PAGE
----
Australia’s foreign affairs minister, Marise Payne, has publicly called for Al-Araibi’s release and was due to meet Thai officials on Thursday, but Thailand continues to process Bahrain’s extradition request.
Human Rights Watch has worked closely with both cases, and the UNHCR and Amnesty International are among international human rights groups to publicly lobby for both.
Qunun is not yet out of danger, but her situation, just days after she was stopped at Bangkok airport, is markedly more positive than that of Al-Araibi, who has been locked up for 45 days and counting.
So why the difference?
The reasons are varied but likely include the age-old non-science of what makes news and what doesn’t.
Al-Araibi’s case is also much more complicated based on the known facts, and being subject to an Interpol red notice might have suggested Al-Araibi’s arrest was legitimate.
Qunun was able to get on social media with videos and urgent personal pleas immediately and prolifically. An army of loud and committed online supporters rose up after Egyptian-American journalist Mona Eltahawy translated and shared her posts.
In a meeting with Thai immigration, a Saudi official noted the 45,000 followers she quickly gained, and remarked in Arabic: “I wish you had taken her phone, it would have been better than [taking] her passport.”
Al-Araibi, while he also had a phone and was able to speak directly to journalists and send photos in the first days of his detention, did not attract the instant focus. Some media was far slower – particularly in Australia – to pick up on it, despite the story’s stronger links to the country than Qunun.
Supporters rallied and international media reported the situation, but the chatter didn’t break through to mainstream audiences to the same degree, even when panicked phone calls reported he had been bundled away by Thai authorities and his wife told she would not see him again.
Small protests were held outside Thai consulates in Australia, and the Victorian football community and global players associations rallied. Football Federation Australia, Fifa and the Asian Football Confederation were deafeningly silent for weeks, and even now direct their messages at governments instead of the influential Bahrainis among their own executives.
‘They didn’t forget what he did’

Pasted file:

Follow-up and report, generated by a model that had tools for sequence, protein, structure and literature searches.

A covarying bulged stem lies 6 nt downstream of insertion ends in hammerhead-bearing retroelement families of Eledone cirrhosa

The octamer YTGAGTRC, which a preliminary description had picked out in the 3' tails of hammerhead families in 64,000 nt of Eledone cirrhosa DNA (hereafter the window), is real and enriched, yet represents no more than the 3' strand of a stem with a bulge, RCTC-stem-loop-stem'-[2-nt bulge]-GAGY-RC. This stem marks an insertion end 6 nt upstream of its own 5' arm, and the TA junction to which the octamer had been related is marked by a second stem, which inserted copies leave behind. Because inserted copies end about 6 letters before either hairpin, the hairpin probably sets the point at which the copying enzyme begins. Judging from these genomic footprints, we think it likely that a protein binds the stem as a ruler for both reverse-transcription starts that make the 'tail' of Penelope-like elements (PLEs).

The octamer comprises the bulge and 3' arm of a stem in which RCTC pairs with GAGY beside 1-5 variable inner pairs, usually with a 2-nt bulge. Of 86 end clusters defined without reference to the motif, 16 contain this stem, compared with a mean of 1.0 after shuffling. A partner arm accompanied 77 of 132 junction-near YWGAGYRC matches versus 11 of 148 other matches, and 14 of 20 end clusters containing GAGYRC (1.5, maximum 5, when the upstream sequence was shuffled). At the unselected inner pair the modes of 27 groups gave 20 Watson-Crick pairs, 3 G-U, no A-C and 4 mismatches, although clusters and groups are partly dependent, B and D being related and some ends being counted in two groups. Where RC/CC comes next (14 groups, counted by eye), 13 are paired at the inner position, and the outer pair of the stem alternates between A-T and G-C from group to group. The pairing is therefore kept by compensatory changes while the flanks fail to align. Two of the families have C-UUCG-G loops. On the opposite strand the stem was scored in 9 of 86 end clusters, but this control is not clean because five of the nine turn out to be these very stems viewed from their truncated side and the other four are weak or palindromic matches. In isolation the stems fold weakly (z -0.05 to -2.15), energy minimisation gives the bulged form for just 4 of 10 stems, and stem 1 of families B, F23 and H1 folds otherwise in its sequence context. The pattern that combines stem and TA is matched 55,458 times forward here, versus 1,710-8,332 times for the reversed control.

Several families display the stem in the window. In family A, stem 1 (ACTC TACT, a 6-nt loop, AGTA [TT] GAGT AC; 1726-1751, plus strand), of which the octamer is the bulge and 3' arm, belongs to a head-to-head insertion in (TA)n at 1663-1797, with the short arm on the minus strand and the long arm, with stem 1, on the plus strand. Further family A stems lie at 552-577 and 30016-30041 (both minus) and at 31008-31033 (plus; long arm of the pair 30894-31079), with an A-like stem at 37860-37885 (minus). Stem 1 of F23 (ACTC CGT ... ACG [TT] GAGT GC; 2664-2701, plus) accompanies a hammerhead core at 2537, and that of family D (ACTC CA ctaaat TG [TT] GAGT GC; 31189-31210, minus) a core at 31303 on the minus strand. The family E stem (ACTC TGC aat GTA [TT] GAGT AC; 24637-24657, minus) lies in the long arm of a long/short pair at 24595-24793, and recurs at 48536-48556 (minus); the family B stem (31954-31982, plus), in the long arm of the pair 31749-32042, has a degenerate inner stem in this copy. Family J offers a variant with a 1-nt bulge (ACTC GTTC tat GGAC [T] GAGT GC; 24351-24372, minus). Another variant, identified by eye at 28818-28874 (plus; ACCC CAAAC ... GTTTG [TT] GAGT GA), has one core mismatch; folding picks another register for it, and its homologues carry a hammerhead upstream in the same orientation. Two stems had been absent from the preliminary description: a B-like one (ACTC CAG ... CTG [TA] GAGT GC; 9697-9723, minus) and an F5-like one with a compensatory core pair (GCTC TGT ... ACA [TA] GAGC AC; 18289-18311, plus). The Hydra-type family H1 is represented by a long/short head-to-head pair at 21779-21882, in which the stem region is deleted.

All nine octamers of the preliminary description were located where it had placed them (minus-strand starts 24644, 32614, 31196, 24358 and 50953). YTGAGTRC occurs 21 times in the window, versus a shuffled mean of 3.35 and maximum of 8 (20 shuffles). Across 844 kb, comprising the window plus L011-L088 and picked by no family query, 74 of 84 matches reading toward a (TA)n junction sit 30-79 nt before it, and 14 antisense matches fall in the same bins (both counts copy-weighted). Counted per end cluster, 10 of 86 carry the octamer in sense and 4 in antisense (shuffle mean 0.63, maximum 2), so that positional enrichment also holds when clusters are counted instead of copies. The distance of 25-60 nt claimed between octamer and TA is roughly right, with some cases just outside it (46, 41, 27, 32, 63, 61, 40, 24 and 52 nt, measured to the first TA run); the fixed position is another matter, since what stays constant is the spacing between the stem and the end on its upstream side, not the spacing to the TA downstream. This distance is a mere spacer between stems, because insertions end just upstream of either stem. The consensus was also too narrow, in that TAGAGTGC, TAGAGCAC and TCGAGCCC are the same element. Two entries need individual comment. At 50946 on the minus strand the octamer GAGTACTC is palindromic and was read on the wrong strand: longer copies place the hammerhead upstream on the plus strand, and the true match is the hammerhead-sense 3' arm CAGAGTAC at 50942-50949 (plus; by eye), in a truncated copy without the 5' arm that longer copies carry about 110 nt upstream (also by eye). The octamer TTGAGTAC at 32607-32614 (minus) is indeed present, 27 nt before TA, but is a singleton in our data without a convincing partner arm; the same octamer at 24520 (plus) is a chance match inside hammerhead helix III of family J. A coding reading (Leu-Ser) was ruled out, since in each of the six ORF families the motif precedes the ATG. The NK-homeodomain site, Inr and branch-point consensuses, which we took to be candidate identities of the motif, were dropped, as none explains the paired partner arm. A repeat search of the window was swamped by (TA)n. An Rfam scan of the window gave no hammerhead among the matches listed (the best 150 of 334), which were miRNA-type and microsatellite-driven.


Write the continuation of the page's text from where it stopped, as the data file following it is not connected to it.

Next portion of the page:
There is perhaps a greater awareness of the horrendous danger to people – particularly women – in Saudi Arabia than of what Al-Araibi faces in Bahrain. The Saudi regime was cast further into the spotlight when journalist Jamal Khashoggi was murdered in October.
Women face extraordinary oppression. Under the Saudi guardianship system almost every aspect of a Saudi woman’s life is controlled by a male guardian. They are forbidden from travelling without a male relative as escort, cannot apply for a passport, get medical treatment or seek an education without permission.
Eltahawy said Qunun represented a “breath of fresh air” who had showed Saudi women they could demand freedom and dignity.
In April 2017, Dina Ali Lasloom, a 24-year-old Saudi woman, was forcibly returned by the Philippines, despite social media pleas, and hasn’t been heard from since.
Fatima Yazbek of the Gulf Institute for Democracy and Human Rights (GIDHR) notes the death penalty is still carried out on political opponents in Bahrain, citing three executions in 2017, including one sports teacher.
Human rights organisations have documented countless cases of abuse, torture and arbitrary imprisonment of dissidents, including those who sought to flee only to be deported by cooperative governments where they landed.
Bangkok is implicated in more than one instance of a dissident returned to a Bahraini prison cell, where they were beaten and tortured.
Government announcements and local news in recent weeks have reported tax deals and large-scale property developments between Thailand and Bahrain.
“Hakeem is now the icon for the suffering of political detainees in Bahrain,” said GIDHR’s Yahya Alhadid.
A royal family rules Bahrain and populates about half of the cabinet positions, as well as other important roles including the ambassadorship to the UK.
The current Bahraini ambassador to the UK is Shaikh Fawaz bin Mohammed al-Khalifa, who was also chair of the information authority in 2011, when state television broadcast pictures and footage of protesting athletes, labelling them as traitors.
The London embassy issued the only public statement from Bahrain, in the days after Al-Araibi’s arrest, defending the red notice.
Alhadid questioned why the London embassy was commenting on a Bahraini who now lived in Australia and was detained in Thailand.
“After Hakeem spoke out they didn’t forget what he did,” he suggested.